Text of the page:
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              Renal manifestations of sickle cell disease.

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                Author and article information

                Journal
                NEF
                Nephron
                10.1159/issn.1660-8151
                Nephron
                S. Karger AG
                1660-8151
                2235-3186
                1998
                February 1998
                26 January 1998
                : 78
                : 2
                : 156-161
                Affiliations
                a Renal Unit, b Department of Biochemistry, c Hematology Unit, Department of Medicine, Siriraj Hospital, Mahidol University, Bangkok, Thailand
                Article
                44904 Nephron 1998;78:156–161
                10.1159/000044904
                9496731
                © 1998 S. Karger AG, Basel

                Copyright: All rights reserved. No part of this publication may be translated into other languages, reproduced or utilized in any form or by any means, electronic or mechanical, including photocopying, recording, microcopying, or by any information storage and retrieval system, without permission in writing from the publisher. Drug Dosage: The authors and the publisher have exerted every effort to ensure that drug selection and dosage set forth in this text are in accord with current recommendations and practice at the time of publication. However, in view of ongoing research, changes in government regulations, and the constant flow of information relating to drug therapy and drug reactions, the reader is urged to check the package insert for each drug for any changes in indications and dosage and for added warnings and precautions. This is particularly important when the recommended agent is a new and/or infrequently employed drug. Disclaimer: The statements, opinions and data contained in this publication are solely those of the individual authors and contributors and not of the publishers and the editor(s). The appearance of advertisements or/and product references in the publication is not a warranty, endorsement, or approval of the products or services advertised or of their effectiveness, quality or safety. The publisher and the editor(s) disclaim responsibility for any injury to persons or property resulting from any ideas, methods, instructions or products referred to in the content or advertisements.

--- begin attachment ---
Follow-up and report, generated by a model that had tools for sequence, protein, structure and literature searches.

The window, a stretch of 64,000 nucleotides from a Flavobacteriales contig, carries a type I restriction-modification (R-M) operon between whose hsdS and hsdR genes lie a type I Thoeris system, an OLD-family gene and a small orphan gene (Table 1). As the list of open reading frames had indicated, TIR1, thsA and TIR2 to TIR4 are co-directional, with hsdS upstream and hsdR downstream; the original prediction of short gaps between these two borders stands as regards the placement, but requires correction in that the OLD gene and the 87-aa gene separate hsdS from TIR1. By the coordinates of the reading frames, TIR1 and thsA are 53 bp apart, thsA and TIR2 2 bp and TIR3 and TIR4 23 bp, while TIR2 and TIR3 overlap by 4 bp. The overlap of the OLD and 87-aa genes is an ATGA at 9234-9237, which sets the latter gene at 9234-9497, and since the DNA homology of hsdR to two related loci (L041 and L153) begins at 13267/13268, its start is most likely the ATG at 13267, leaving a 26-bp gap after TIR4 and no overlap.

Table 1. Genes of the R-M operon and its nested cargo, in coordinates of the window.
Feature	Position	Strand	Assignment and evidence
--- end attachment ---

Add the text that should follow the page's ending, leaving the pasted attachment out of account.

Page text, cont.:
Page count
                Figures: 2, Tables: 3, References: 40, Pages: 6
                Product
                Self URI (application/pdf): https://www.karger.com/Article/Pdf/44904
                Categories
                Original Paper

                Cardiovascular Medicine, Nephrology

                β-thal/Hb E, Renal function